Stephen John's story

Stephen doesn’t remember living with his family. ‘I was made a state ward at a young age’, he told the Commissioner. In the late 1970s, when he was about seven, he was placed in a government-run home in a New South Wales regional town. Kids at the home lived in cottages, with house parents. ‘It wasn’t a very good place’, Stephen said.

He remained at the home for about 10 years and attended the local school at first, but after a while was expelled. ‘They said I was uncontrollable. They couldn’t handle me and stuff. Looking back on it now, it was because of all the stuff that happened.’

That included sexual abuse. Stephen was first molested when he was about nine, by one of the youth workers, Wes Pinter. ‘He used to take us away … Just a lot of touching and stuff like that.’ He was also molested when he went to the local church and to the scripture lessons taught by Marist Brothers who lived nearby.

‘They used to segregate me – get me away from the other kids. I know other kids have been abused there too.’ For a few years, it happened often, he said. ‘Once I got a bit bigger and stuff, it sort of stopped.’

He only ever told one person, a staff member at the home, about the abuse he was experiencing. ‘They basically said I was imagining it … Afterwards I was just – what’s the point?’

The only way he could deal with the abuse was to run away.

‘Me – myself and another person, we used to run away a lot from there. It was only a little town and the same police used to pick us up. They used to ask us why we run away all the time and we couldn’t even tell them.’

Sometimes he’d be placed in a juvenile justice centre, until someone from the home turned up to collect him. ‘When the people from [the home] used to come and pick me up to take me back I didn’t want to go; I’d rather stay locked up. And people couldn’t understand why.’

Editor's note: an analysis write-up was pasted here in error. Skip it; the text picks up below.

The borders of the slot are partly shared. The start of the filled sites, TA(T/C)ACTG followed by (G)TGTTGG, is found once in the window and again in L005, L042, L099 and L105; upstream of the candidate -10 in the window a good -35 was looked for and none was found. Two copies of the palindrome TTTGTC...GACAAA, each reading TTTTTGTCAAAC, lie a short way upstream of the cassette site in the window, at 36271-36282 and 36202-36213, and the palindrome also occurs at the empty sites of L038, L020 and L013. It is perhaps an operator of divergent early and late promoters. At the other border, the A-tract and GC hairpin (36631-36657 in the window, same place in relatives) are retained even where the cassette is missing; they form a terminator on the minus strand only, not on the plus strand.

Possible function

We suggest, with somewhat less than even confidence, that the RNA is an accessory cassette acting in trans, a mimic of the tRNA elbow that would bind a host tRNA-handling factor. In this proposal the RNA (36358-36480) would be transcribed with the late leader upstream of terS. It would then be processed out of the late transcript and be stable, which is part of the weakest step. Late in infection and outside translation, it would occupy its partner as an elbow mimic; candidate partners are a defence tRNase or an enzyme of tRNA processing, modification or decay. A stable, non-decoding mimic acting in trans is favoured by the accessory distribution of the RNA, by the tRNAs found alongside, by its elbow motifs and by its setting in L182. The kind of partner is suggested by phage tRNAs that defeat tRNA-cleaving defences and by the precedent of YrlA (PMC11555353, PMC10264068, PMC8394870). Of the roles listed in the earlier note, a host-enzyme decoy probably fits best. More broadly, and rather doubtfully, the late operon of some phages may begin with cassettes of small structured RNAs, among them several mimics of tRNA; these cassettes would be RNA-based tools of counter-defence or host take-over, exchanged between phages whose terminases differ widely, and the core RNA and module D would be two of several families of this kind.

As a 14-year-old, Stephen was sent out to work on a rural property. ‘Because me head was all messed up I started sniffing glue on the station and that … I was pretty bad at the time.’

Still in his teens, he started using amphetamines as well – ‘to escape reality’, he explained. ‘Like, no drugs are good but it’s probably one of the worst drugs I’ve ever used, because there’s the high and then there’s the comedown and all the rest of the shit that comes with it.’

His drug use led to jail time, mostly for violent assaults. ‘I’ve spent the last 25 years in prison, from drug use and from all … It’s just caught up with me.’ He was in jail when he spoke to the Commissioner, nearing the end of his sentence. He hadn’t been able to participate in a drug rehab program, he said: ‘This is the problem in the jails. If you’re in for a violent crime you can’t use a lot of the programs.’

But he had been able to access other support. He was seeing a psychiatrist – ‘She seems pretty good’, he said. Through his parole officer he had been put in touch with a service that would work with him after he left jail, to help him find accommodation and set up his life. With the help of Care Leavers Australia Network, he had accessed his welfare file and handed it over to a lawyer, who was going to pursue a compensation claim on his behalf.

‘This is first time I’ve been in prison and I’ve got support networks. Before I never had the support networks.’

Stephen has bipolar disorder, post-traumatic stress disorder, and borderline personality disorder. He takes medication for those conditions but is yet to find a way to control his impulse to self-harm. ‘When I was young I used to cut myself a lot – like, really bad. But then last year I started swallowing stuff for some reason.’

He’s needed several operations as a result. ‘They can’t operate on me no more because it’s too dangerous so there’s still stuff inside me at the moment that’s causing a lot of issues. I only come out of hospital yesterday again’, he said.

Stephen’s lawyer has told him his compensation claim has a good chance of success. ‘It’s not about money for me’, Stephen said. ‘What it’s about is I can’t change the past but maybe I can have a future.’

He had come forward to the Commission because he wanted to be heard. ‘[My] memory of when I first told someone and they didn’t believe me – you know, I’ve carried that through my life. When the Royal Commission came about I thought well, now’s the chance to tell my story and people will believe me …

‘People just need to listen. When people are telling them stuff, they need to listen and investigate it for themselves. This could have been stopped years and years ago’, he said.

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